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Marketing trends and changes.


In today's environment of increased operating costs and lower than usual consumer demand, companies must seek new and flexible strategies to cope with current economic marketing trends and changes.

Retailers and manufacturers should review current operational procedures and existing marketing strategies, and changes should be made with a view towards improving sales and profits.

Many companies do not recognize innovation as a must. They do not change their decor, their products, locations, service, promotions, or their product presentations. Many multi-store chains look the same way they did ten years ago. To be successful, companies must constantly keep abreast of trends and changes. They must conduct surveys among consumers, their suppliers and their employees. They must recognize the consumer's needs and take the initiative prior to their competitor in the same market.

Hot Major Issues Shaping Business Today

* Environmental concerns

* Globalization of markets

* Customer service

* Human resources

Global Marketing

As a result of world markets being made smaller by telecommunications, we will see more trans-border joint ventures, mergers and acquisitions as corporations seek global ties.

NO FRILLS SHOPPING CENTRES: These centres are gaining popularity in the United States and surfacing in Canada. Tenants are retailers, manufacturers and distributors of consumer goods selling their merchandise in this new shopping environment.

WAREHOUSE CLUBS - FACTORY OUTLETS: More warehouse clubs and factory outlets will open in Canada following their success in the United States.

BUSINESS-WITHIN-A-BUSINESS CONCEPT: Convenience stores are in service stations. Dental, medical, optical and insurance services are in department stores and shopping centres, and this trend is gaining momentum. Complete health centres are now growing in popularity.

DESIGNER CLOTHES -DISCOUNT STORES: These stores give image-conscious consumers more value with names they can identify with, by selling designer label clothes.

COUPON MERCHANDISING: The use of coupons is very prevalent: buy your food at the supermarket and get discount coupons for another retail outlet. Buy merchandise at one chain and get discount coupons for a restaurant chain.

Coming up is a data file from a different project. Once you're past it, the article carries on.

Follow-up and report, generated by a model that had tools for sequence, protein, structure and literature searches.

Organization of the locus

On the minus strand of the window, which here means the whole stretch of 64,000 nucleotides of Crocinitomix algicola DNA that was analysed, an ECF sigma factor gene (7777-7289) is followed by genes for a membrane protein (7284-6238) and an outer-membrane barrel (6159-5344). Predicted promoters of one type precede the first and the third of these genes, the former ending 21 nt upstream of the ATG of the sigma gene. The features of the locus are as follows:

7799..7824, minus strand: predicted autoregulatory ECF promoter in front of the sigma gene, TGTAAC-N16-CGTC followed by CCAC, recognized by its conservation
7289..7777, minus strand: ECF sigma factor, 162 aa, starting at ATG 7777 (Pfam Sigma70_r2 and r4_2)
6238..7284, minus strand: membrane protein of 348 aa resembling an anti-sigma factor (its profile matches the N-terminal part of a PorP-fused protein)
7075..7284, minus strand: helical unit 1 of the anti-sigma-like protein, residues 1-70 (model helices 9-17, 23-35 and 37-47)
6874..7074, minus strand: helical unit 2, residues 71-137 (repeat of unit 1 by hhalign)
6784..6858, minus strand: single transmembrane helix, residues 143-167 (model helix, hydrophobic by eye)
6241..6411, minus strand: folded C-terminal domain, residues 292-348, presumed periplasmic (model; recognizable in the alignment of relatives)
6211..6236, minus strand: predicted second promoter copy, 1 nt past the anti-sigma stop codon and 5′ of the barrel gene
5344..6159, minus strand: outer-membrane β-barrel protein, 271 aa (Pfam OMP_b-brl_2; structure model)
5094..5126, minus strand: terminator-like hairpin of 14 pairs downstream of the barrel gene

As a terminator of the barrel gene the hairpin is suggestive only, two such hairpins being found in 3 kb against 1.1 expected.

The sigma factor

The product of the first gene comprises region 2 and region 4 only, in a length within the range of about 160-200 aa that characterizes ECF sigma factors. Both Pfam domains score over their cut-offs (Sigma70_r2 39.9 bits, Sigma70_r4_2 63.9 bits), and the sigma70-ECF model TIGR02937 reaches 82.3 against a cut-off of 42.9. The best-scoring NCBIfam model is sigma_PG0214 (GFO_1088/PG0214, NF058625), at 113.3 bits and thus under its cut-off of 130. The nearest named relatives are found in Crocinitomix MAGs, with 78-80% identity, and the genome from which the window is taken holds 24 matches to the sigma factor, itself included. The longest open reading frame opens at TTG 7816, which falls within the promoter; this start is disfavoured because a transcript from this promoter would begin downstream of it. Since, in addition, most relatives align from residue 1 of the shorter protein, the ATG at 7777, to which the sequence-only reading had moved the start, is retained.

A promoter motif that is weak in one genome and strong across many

FRANCHISING: Though this is not a recent change, there is increased activity in this area in video stores, fast print shops, convenience stores, restaurants, computer stores, variety stores, fast foods, gourmet foods, auto services, one-hour photo finishing. Corporations which traditionally operated their own stores are now franchising more of their in-store departments and, in some instances, their entire store.

GAS STATIONS: Unmanned gas stations will emerge in Canada. You will insert your credit card and then fill up your car.

ETHNIC FOOD: More ethnic foods will be consumed at home due to increased travel by consumers and their introduction to new taste treats in the travels.

HOME COMPUTERS: Home computers will expand their capabilities and will continue to increase their home and business relationship. Many creative people working from home now are on a technology lifestyle wave. An exciting revolution in technology and communications is going to permit many people in the 90's to move into quality-of-life rural areas. Millions of people will move into this lifestyle in North America over the next decade.

DEBIT CARDS: In the near future, consumers will be able to buy merchandise using plastic called a debit card, instead of cash or cheques. A debit card will create an instant deduction from the customer's chequing account. Debit cards are a simple way to pay for merchandise besides cash, cheques, or credit cards. This system is handled by point-of-sale terminals which are situated at the check-out counter in retail stores. Some major U.S. national retailers are now using the system. Customers get a receipt listing all merchandise purchased, date, time and amount withdrawn from their account.

WOMEN IN THE MARKET-PLACE: So many women have left the home for the workplace that the resulting upheaval in society has changed our lives dramatically, and it looks as if this change is a permanent one.

SHOPPING AT WORK: Direct-selling companies are invading offices since a greater percentage of women are now in the work force and not at home. Look for this trend from the U.S. to spill over into Canada.

HARRIED TWO-INCOME COUPLES: Two-income couples will soon be demanding a return to the luxury of home delivery. With husband and wife busy with their careers, time is at a premium. According to recent surveys the single greatest source of stress in the lives of North Americans today is not having enough time.

RETAILING OPPORTUNITIES: There are opportunities for retailers who stand out from their competition by establishing an identity that is distinctive. Consumers increasingly hectic lifestyles are creating distinct opportunities for retailers who are innovators of convenience, retailers must find different ways to satisfy the consumers need for convenient and timesaving shopping experiences. Customers who are unhappy with the service they receive do not complain. They simply go someplace else to shop.

PHONE-IN SUPERMARKETS: Fast, free delivery of supermarket merchandise is now available at phone-in supermarkets - local order assembly warehouses situated in low-cost industrial parks, eliminating the high cost of prime real estate locations, expensive stores, large parking lots, high staff overheads, customer theft, product damage and spoilage. Watch for more activity in this area in the near future.

HIGH-QUALITY GOODS: High-quality goods will make a comeback as consumers increasingly reject mass produced items in favour of custom-made. Affluent baby-boomer parents will buy "posture-perfect" baby strollers, designer children's wear and sophisticated toys.

DRIVE-IN GROCERIES: Supermarkets in California are combating competition with convenience stores, fast food restaurants and huge hyper markets with drive-up windows.

Motorists no longer have to leave their cars to grocery shop. They drive up to a drive-up window for eggs, milk or some of the other 1,400 grocery items, fast food or household goods they require.